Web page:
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Advance Directive Warning
approx. 1:30 AM Saturday, December 18, 2010
“I think I need help!”
Mom is standing by my bedroom door gasping and crying in pain. She says she waited for an hour to wake me up.
(Anecdotal: When I came over last night, my mom told me that sometimes she feels “down” at night. Knowing that she had a heart attack a few months ago, I was praying that if it happened again, be there.)
We call 911 and I give them the information. They tell me to make sure pets are secured and the door is unlocked. I say: “I can’t leave my mother’s side.”
10 minutes later, I call 911 again. “They’re at the door,” says the dispatcher.
There are two paramedics and four firefighters, including the captain of the fire department. Some bring first aid, others ask about the mother’s advance directive. I find it and note that it doesn’t say don’t treat him.
We arrive at the hospital, a medical, research and educational institution. Dr. C (cardiologist) and Dr. N., as well as many other staff, visit the mother.
They are very concerned about his Advance Directive. Again, it doesn’t say if she’s not in a coma, don’t treat her, and she’s not.
“He is very, very sick,” they say. “What does she want?”
Crying, I tell them, “I know what she wants. She’s so happy. She loves life. She’s going to my brother’s house for Christmas. The grandchildren are coming to visit next month. She doesn’t want to go. Anywhere.” “
I show one of the doctors the part of her Advance Directive that says she doesn’t want to be kept in a coma or vegetative state with no hope of recovery. “He is not in a coma,” I say. He stares meaningfully at her motionless form attached to the machines.
If I had my wits about me, I might say, “If they brought in a 20-year-old football player who had just had a massive heart attack and you were on morphine, you’d think how alert he would be. And would you be so quick to fire him? But I can’t form these thoughts, let alone express them. I just feel that there is something wrong with the doctor’s reasoning.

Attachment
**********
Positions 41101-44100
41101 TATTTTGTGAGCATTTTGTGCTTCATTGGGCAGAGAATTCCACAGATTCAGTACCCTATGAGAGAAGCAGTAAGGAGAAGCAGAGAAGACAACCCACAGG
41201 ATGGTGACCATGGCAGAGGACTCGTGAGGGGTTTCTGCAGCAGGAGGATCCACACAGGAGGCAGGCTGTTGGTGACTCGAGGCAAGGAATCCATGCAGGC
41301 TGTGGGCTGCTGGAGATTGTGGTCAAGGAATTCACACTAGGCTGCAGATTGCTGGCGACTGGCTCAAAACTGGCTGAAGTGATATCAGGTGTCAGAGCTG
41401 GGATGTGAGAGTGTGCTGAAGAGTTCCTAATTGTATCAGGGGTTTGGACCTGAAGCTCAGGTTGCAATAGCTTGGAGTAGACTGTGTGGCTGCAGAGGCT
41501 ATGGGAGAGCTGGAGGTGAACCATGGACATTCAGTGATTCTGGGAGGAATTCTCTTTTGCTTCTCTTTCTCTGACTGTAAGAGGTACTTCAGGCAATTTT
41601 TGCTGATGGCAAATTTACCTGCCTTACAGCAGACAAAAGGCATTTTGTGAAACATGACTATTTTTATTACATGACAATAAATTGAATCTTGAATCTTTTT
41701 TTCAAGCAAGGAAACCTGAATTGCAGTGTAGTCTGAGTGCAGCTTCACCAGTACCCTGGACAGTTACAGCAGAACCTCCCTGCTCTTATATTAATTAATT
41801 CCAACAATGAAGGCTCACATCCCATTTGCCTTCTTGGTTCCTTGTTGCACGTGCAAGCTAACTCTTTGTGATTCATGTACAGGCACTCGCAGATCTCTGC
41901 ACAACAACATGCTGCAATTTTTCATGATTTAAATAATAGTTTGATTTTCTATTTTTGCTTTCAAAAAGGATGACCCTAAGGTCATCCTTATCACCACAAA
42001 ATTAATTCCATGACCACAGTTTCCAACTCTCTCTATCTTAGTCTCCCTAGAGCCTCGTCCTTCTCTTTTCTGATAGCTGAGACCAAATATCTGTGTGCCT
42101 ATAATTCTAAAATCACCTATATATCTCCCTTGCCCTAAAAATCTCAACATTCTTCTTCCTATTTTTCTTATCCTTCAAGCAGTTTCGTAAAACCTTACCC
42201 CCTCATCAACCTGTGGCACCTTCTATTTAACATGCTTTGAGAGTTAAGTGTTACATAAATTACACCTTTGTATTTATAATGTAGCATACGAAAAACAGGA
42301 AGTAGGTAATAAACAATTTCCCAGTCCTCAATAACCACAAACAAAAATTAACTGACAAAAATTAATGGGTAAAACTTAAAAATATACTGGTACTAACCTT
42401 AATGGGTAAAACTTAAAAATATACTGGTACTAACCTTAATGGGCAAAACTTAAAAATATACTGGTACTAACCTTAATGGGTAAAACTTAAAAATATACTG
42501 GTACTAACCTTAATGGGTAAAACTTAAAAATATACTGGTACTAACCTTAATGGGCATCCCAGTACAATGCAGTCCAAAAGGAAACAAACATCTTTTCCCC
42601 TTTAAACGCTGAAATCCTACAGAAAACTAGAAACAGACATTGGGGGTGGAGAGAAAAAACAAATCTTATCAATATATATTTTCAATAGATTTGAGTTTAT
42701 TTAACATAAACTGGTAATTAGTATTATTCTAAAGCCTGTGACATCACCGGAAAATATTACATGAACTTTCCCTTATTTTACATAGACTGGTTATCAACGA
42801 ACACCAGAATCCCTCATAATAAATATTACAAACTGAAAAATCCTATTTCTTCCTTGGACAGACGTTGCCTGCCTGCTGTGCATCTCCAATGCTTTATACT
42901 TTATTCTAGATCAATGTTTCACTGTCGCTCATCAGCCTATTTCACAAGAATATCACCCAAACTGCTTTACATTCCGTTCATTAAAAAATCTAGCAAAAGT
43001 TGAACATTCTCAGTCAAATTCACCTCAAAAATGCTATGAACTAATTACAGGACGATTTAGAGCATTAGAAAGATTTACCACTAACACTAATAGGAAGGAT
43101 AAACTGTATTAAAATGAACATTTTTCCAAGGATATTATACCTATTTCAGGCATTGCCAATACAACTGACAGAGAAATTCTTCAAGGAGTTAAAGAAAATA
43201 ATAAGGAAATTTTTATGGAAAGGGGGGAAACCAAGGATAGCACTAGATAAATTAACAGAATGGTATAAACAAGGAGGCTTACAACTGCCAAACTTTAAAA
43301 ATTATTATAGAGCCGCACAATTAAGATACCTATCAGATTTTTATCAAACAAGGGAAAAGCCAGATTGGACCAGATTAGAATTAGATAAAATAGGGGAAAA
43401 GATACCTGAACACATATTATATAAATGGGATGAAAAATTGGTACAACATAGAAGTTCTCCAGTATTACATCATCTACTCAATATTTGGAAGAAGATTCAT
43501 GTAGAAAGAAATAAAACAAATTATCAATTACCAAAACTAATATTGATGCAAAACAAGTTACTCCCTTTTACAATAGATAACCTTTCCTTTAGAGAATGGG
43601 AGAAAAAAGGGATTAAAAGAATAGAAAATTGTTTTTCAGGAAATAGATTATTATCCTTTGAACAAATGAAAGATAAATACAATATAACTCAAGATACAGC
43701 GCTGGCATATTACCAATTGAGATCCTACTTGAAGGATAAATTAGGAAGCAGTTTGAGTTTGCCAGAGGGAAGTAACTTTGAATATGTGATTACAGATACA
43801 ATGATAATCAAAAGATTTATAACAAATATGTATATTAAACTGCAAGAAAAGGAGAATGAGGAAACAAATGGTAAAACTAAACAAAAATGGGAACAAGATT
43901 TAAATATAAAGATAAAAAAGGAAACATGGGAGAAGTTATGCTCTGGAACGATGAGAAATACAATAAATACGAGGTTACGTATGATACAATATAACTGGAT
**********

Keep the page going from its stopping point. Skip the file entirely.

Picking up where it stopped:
They discuss the possibility of surgery to save his life.
I call my brother Jamie and his wife Shelly (nursing nurse). Shelly thinks mom will die without surgery. Doctors do the same. Jamie and I will let you.
Jamie and Shelly arrive at the hospital.
Doctors decide against surgery. Very dangerous. We agree.
Dr. N. wants to discuss options right there, in front of mom. But I have read that comatose – or comatose – patients sometimes give up and die when they hear a negative prognosis.
I say “not in front of her” and we go to the quiet room. Dr. S again explains that surgery is not an option. We agree.
Dr. N. wants to stop medical treatment (IV drugs). He tells us about an experience in medical school where the professor was making it difficult for the students to breathe, and he shares his horror. She believes she is suffering and is certain she will “never regain cognitive function.”
I want her to see her grandchildren and great-grandchildren, some on the way and others here in town. “He does not know them,” says Dr. N.
“Are you sure?”
He is confident.
She talks more about how she is suffering. I don’t remember the wording, but I’m sure there was some indication that she was already in a vegetative state.